Castelo Novo is located in Fundão, in the Castelo Branco district, and is part of the 12 Historical Villages of Portugal (a program created to restore and enhance villages older than the country itself). Well, the town may be called Castelo Novo (ie “New Castle”), but it has nothing new: after all, we’re talking about more than 800 years of history! With Templar origins, Castelo Novo developed markedly medieval architecture, but you can find buildings from the Manueline and Baroque periods!
Óbidos is a very picturesque town, where you can walk along the centuries-old walls, discover where a long 16th-century aqueduct ends, and even climb a medieval castle, which was elected one of the “7 Wonders of Portugal” in 2007! Óbidos is an excellent option for a day trip from Lisbon and, if you can’t decide when to visit this Portuguese town, don’t worry. There are several festivals and fairs throughout the year, which can also your trip much more special!
Very close to the Spanish border, you’ll find the medieval village of Castelo Mendo, one of the “12 Historical Villages of Portugal” (a program created by the government to restore and enhance a series of villages in the Beira Interior region, older than the country itself). Castelo Mendo belongs to the Guarda district and is located 19 km from another historical village: Almeida. Besides, it’s also one of the smallest villages on this route, so you can visit it in a more relaxed way!
Despite being a town, Belmonte is considered one of the “12 Historical Villages of Portugal” (a program created to restore and enhance a series of villages in the Beira Interior region). Belmonte belongs to the Castelo Branco district and is located about 40 km from the Torre da Serra da Estrela (the highest point in mainland Portugal) and 20 km from another historical village: Sortelha. Besides, it’s famous because of its Jewish Community, which has remained secret for many centuries!
Despite being a town, Almeida is considered one of the “12 Historical Villages of Portugal” (a program created by the Portuguese government in 1991, to restore and enhance a series of villages in the Beira Interior, older than the country itself)! Located very close to the Spanish border (and to the historical villages of Castelo Mendo and Castelo Rodrigo), Almeida is internationally known for its fortress, which forms a twelve-pointed star, thanks to its six bulwarks and six ravelins!
Étretat is a unique natural landscape, with its huge limestone cliffs. And every year, more than a million tourists visit this small French commune to hike the winding paths that connect the beach to the green hills. The fishing town of Étretat is located in the Seine-Maritime department – which in turn belongs to the Normandy region. In summer, it’s a very popular destination, due to its white pebble beach with privileged views over the English Channel!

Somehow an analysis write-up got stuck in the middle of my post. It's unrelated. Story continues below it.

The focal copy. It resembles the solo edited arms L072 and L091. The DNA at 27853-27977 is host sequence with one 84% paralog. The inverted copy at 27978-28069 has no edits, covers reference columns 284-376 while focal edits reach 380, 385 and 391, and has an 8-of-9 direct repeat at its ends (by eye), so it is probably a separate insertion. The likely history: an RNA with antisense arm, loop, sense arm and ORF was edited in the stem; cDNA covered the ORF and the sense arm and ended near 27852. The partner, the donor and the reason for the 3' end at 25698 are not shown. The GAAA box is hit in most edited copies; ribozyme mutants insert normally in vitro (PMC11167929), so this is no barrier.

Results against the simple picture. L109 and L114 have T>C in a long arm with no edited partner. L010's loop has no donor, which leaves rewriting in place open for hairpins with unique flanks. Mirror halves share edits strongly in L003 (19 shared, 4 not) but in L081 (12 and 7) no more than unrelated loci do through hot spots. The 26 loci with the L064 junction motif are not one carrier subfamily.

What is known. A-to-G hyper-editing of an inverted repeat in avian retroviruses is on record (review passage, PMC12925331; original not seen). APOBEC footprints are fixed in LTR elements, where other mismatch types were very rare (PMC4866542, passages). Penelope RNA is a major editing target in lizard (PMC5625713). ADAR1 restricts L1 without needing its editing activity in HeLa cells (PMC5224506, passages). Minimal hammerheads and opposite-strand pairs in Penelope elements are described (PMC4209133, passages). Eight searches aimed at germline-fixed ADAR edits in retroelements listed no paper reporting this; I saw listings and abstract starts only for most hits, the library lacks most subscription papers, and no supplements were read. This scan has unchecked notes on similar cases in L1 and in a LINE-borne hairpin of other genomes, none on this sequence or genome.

Rouen is the capital of Normandy and one of the most beautiful cities in this French region. But Rouen is much more than a picturesque and photogenic destination: it’s a place with centuries of history, dating back to the beginning of the Roman Empire! If you visit the historic center of Rouen, you’ll find a little of everything: typical German-inspired wooden houses, monuments reminiscent of the Hundred Years War, and religious buildings, which are true masterpieces of Gothic architecture!
Barcelona is one of the best cities to visit, both in Spain and in Europe. To begin with, the architecture of the city is unique and you can admire it in buildings designed by masters like Gaudí and Domènech i Montaner. And then, the very streets and squares have a contagious energy and dynamic! Besides, it’s almost impossible to visit the capital of Catalonia without being influenced by its culture, art, history, and gastronomy. And of course, not wanting to go back once, twice, or more times!
Cologne (in German, Köln) is the main city in the German federal state of North Rhine-Westphalia and the fourth most populous city in Germany – right after the cities of Berlin, Hamburg, and Munich. Besides, Cologne is located just a few kilometers from Germany’s borders with other European countries. For example, if you want to visit the cities of Liège (in Belgium) or Maastricht (in the Netherlands), you can do it in less than two hours by car! Ready to visit Cologne?
Amsterdam is the capital of the Netherlands and one of the most popular European cities among tourists. Easily recognized by its network of canals, it’s often called the “Venice of the North”. The Dutch Golden Age (17th century) was fundamental to the expansion and development of Amsterdam as the main cosmopolitan center in Northern Europe. Nowadays, part of that legacy is present in the architecture of the city’s buildings, as well as in the art collections dispersed by several museums!